How far can the NJ WC Courts stretch the so-called “premises rule” of compensability? Based upon a recent decision of the New Jersey Appellate Division, this rule can be pushed pretty far in favor of an injured claimant. In the recent unpublished NJ Appellate Division opinion of Burdette v. Harrah’s Atlantic City, the court affirmed the Court of Compensation’s holding that a petitioner’s injuries sustained in a motor vehicle accident which occurred while the petitioner was leaving work were compensable.
The pertinent facts of Burdette are as follows: On September 19,2012, after finishing hershift as a casinodealer atHarrah’s,the petitioner returned to her vehicle, which was on Harrah’s employee parking lot. The petitioner proceeded to drive her vehiclealongan internal Harrah’s driveway, passed through aHarrah’s security gate, and attempted to exit the driveway by making a legal left turn onto the public highway.
As the petitioner’s vehicle entered the public roadway, a vehicle traveling northwest bound struck the petitioner’s car on the driver’s side, injuring the petitioner. At the pointof impact,the petitioner’s carwas located partiallyon the public highway,but approximately one foot of the rear of the vehicle was partly over Harrah’s driveway’s threshold. Subsequently, the petitioner filed a Claim Petition for NJ workers’ compensation benefits, alleging various injuries to her head, neck, low back, left knee, and bilateral shoulders/arms. Harrah’s denied the claim on grounds that the petitioner’s injuries were not sustained within the course and scope of her employment, following which point the petitioner filed a Motion for Medical and/or TTD Benefits.
Once testimony concluded on the subject motion, the presiding Judge of Compensation held that “the petitioner’s vehicle afterthe collision [exited] the parking lot, but not completely. There is approximatelyone foot in length of petitioner’s carstillin thearea of the parkinglot controlledby Harrah’s.” As such, The WC court held that the petitioner’s injuries occurred on Harrah’s premises and, therefore, the petitioner remained within the course and scope of her employment with Harrah’s.
Respondent Harrah’s appealed the decision, based upon grounds that the petitioner’s injuries fall outside the general “course and scope” and “premises” rules of compensability. In short, counsel for Harrah’s argued that the WC court misapplied the premises rule by focusing upon the location of the petitioner’s vehicle versus her actual location and the location where her injuries took place (which was outside the threshold of Harrah’s parking lot).
The Appellate Division ultimately affirmed the WC trial court’s holding that the petitioner’s injuries were a compensable work-related loss. The court concluded that entitlement to workers’compensation benefits iscontrolled by the premises rule set forth in N.J.S.A.34:15-36, which provides that “[e]mploymentshall be deemedto commencewhen an employee arrivesat theemployer’s place ofemployment to report for work and shall terminate when the employee leaves the employer’splaceof employment, excluding areas not under the controlofthe employer” Applying said “premises rule,” courts have fairly wide latitude to makethis determination ona case-by-case basis. Given that the NJ WCAct is intended to function “‘humanitarian social legislation,’ it is to be liberally construed in favor of coverage, for the protectionof employees.” See Valdezv.Tri-StateFurniture, 374 N.J.Super.223,232 (App.Div. 2005).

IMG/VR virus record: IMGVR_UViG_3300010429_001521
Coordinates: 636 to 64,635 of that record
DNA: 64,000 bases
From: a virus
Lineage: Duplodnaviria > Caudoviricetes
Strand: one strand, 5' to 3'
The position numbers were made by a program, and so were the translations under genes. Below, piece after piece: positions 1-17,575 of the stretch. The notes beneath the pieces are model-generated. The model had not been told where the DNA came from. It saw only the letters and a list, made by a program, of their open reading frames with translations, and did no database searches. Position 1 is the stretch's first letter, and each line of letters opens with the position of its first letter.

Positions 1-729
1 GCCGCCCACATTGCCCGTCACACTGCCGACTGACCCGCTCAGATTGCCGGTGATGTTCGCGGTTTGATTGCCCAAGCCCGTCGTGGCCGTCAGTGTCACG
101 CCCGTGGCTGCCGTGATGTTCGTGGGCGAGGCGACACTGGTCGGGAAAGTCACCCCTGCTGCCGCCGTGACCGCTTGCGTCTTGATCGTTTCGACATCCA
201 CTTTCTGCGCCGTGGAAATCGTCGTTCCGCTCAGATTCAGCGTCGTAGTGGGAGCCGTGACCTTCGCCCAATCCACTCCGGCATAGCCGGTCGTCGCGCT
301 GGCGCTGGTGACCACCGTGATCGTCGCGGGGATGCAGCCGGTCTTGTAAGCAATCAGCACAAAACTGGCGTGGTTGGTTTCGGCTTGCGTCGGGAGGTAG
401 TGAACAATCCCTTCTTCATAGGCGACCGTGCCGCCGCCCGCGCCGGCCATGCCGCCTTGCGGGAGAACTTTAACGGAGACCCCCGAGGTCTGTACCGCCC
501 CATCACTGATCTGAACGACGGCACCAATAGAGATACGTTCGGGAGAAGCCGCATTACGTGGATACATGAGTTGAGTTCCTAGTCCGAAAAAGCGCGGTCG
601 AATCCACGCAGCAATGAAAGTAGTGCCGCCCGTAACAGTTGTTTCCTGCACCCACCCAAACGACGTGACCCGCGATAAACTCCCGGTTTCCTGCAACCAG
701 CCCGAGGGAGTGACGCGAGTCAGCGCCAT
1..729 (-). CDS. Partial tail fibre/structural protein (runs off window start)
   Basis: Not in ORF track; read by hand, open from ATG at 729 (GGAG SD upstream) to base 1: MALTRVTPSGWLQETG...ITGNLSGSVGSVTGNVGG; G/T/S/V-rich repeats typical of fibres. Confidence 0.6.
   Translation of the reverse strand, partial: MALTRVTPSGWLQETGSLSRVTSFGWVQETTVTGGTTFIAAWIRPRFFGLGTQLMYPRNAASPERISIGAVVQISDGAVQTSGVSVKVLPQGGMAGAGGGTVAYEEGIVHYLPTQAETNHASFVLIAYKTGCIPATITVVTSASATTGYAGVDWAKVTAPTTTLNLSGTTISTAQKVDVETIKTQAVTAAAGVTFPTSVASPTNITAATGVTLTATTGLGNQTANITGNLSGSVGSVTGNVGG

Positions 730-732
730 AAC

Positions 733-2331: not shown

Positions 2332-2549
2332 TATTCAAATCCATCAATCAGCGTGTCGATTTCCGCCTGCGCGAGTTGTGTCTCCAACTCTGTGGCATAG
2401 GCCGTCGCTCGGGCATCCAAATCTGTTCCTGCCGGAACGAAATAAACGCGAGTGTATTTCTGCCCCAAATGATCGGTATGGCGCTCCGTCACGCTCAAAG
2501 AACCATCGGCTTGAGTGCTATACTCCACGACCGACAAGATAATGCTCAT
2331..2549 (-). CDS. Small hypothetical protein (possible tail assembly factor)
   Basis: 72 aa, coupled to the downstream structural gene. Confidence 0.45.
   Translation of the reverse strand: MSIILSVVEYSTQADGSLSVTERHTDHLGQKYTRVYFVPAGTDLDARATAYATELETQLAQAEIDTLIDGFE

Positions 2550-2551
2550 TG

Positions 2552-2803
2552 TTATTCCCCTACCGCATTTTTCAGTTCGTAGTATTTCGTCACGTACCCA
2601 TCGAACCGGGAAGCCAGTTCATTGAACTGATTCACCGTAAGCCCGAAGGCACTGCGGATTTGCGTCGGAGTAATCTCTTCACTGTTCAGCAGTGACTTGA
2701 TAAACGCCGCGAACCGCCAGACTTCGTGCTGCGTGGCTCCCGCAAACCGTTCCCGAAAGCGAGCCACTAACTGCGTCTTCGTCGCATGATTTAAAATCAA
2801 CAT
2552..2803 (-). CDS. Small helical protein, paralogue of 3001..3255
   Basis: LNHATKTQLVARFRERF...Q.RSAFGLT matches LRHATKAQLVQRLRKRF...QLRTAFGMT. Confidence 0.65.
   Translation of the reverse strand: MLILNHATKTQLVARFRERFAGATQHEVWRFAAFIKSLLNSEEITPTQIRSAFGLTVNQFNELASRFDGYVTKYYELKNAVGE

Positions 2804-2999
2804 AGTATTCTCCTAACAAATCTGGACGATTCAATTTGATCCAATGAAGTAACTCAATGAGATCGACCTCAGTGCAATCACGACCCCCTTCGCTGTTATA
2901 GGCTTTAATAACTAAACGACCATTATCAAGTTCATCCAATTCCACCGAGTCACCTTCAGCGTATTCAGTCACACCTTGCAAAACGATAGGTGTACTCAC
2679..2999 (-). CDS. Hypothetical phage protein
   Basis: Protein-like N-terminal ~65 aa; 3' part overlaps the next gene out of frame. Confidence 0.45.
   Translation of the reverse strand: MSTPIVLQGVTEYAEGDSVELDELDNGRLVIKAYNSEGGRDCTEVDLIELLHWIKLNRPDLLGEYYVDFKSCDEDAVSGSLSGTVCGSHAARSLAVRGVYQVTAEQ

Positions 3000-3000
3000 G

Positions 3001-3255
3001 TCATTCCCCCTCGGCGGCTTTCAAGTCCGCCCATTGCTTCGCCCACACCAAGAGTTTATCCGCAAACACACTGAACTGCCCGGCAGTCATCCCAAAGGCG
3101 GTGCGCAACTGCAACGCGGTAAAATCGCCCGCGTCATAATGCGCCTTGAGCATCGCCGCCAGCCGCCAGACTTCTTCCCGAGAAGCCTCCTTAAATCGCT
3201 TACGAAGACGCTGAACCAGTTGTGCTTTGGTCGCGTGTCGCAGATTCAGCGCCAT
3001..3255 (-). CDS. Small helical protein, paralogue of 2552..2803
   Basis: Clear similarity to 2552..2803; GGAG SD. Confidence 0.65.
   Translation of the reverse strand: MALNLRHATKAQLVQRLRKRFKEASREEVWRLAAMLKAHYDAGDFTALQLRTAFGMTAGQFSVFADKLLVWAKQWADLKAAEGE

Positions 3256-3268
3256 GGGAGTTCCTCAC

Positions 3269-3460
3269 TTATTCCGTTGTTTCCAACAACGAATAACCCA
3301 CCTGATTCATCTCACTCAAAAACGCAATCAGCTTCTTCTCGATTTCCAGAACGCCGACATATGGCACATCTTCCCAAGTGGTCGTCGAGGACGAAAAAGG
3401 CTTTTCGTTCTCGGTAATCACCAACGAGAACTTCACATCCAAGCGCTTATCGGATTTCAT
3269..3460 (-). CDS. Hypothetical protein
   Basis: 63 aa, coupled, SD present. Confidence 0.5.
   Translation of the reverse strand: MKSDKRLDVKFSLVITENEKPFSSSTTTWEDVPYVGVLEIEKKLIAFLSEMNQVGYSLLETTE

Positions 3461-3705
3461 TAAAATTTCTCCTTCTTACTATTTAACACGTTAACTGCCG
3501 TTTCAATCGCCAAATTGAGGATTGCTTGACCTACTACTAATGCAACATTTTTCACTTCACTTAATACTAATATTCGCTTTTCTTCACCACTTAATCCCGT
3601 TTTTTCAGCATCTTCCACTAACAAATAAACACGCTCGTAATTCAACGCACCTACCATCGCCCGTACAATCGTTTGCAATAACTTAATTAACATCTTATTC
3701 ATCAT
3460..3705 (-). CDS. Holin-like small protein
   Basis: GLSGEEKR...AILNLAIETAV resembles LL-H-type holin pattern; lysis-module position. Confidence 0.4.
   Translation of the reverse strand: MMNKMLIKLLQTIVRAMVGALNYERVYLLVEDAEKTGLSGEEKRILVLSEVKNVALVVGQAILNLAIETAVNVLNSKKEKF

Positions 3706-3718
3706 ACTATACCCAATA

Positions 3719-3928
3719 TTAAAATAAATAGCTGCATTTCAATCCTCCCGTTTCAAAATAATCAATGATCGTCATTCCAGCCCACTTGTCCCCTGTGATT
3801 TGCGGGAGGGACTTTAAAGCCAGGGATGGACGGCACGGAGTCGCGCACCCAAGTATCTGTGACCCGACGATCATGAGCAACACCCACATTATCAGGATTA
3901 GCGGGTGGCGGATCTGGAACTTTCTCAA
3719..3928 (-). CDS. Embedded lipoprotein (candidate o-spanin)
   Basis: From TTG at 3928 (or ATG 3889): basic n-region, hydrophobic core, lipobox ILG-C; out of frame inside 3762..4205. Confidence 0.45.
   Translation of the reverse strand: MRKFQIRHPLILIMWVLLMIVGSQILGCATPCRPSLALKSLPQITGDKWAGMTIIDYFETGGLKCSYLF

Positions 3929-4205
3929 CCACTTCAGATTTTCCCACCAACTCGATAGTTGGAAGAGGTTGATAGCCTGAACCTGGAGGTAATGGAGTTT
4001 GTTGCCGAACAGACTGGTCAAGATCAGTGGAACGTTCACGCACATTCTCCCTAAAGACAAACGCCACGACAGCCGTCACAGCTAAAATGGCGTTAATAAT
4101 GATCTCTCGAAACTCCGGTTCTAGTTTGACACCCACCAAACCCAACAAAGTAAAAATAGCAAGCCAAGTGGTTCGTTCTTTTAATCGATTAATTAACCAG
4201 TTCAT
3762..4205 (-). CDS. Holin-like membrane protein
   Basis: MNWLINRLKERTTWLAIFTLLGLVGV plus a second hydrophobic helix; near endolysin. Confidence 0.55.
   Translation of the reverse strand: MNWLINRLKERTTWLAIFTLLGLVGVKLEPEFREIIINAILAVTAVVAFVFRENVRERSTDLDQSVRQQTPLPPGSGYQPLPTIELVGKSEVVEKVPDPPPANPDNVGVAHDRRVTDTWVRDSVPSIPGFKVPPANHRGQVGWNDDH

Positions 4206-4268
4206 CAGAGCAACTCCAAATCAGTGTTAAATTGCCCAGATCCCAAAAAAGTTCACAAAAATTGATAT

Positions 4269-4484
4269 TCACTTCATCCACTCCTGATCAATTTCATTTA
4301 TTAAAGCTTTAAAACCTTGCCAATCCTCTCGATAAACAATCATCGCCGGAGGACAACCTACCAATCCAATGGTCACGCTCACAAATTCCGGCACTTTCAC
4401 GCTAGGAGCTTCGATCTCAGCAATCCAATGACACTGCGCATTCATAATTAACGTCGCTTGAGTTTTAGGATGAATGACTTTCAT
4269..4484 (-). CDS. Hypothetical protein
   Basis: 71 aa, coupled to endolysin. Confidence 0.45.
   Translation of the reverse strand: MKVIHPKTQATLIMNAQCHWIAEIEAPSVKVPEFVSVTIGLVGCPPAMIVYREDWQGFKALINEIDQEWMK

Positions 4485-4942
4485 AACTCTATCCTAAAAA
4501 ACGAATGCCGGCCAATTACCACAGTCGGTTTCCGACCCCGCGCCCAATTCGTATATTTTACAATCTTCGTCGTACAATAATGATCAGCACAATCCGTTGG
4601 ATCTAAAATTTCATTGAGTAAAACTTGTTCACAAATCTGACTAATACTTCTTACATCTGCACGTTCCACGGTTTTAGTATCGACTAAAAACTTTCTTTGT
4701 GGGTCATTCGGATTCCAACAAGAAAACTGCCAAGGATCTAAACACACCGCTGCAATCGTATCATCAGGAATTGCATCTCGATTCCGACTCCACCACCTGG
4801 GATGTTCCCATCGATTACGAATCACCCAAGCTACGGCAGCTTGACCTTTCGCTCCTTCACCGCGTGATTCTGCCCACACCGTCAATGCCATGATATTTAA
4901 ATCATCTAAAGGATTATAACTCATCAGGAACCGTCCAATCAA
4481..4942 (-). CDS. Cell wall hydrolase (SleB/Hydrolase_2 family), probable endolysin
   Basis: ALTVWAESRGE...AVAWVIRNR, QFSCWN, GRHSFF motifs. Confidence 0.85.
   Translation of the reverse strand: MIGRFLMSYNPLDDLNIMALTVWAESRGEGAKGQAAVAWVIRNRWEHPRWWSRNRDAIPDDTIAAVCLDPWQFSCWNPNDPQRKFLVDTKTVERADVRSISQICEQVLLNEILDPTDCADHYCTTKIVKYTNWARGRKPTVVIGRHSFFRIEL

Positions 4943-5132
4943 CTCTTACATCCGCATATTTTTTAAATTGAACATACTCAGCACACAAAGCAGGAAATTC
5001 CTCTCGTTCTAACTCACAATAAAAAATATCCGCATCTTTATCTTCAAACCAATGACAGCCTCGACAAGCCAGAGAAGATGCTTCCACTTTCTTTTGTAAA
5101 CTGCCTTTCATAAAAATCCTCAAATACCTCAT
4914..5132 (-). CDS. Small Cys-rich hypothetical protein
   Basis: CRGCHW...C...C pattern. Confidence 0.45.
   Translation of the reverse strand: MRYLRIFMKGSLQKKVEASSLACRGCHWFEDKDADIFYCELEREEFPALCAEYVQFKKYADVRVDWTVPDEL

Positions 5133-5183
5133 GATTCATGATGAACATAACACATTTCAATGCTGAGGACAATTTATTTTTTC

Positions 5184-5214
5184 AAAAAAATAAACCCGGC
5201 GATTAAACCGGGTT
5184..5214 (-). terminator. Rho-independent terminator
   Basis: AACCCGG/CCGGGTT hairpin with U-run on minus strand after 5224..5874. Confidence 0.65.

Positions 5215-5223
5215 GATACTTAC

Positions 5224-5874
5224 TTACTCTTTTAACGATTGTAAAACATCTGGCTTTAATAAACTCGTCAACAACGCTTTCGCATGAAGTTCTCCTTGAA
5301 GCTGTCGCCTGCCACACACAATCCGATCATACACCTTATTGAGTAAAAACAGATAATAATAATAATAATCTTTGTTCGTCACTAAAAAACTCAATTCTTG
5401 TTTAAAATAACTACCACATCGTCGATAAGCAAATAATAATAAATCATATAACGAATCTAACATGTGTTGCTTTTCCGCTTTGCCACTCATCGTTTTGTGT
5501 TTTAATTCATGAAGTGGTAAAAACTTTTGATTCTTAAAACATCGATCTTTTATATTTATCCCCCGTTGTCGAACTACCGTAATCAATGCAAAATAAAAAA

In the subject case, given that the petitioner’s car never fully left the employer’s premises (i.e., the employee parking lot), her vehiclewasin the midst ofnavigating a left turn ontoa public thoroughfare, and, as such, the exactspot where the petitionersuffered injuries was held to be neitherremote from, nor unconnected to, herwork premises. The mere fact that approximately one (1) foot of the petitioner’s vehicle remained within the threshold of the parking lot was sufficient for a factual holding that the petitioner did not egress the premises of the employer. In short, the Appellate judges concluded that the WC trial court’s conclusion of compensability was indeed a consistent interpretation of the WC Act and its liberal construction in favor of finding workers’ compensation coverage for injured workers.
What It Means to You
What does this recent unreported decision mean for defense practitioners? In essence, this opinion represents the perfect, albeit extreme, example of just how far the more liberal-leaning WC judges can, and will, go in finding a claimant’s injuries to be compensable. Some, if not most, of NJ’s WC judges will stretch the statute and its interpretative case law to its farthest boundaries to protect the interests of the injured worker, relying upon the social remedial legislative intent of the Act. Knowing these risks and judicial prejudices allow your legal counsel to better tailor and calculate recommendations and action plans in advance of trial in hopes to avoid adverse consequences inured by the employer.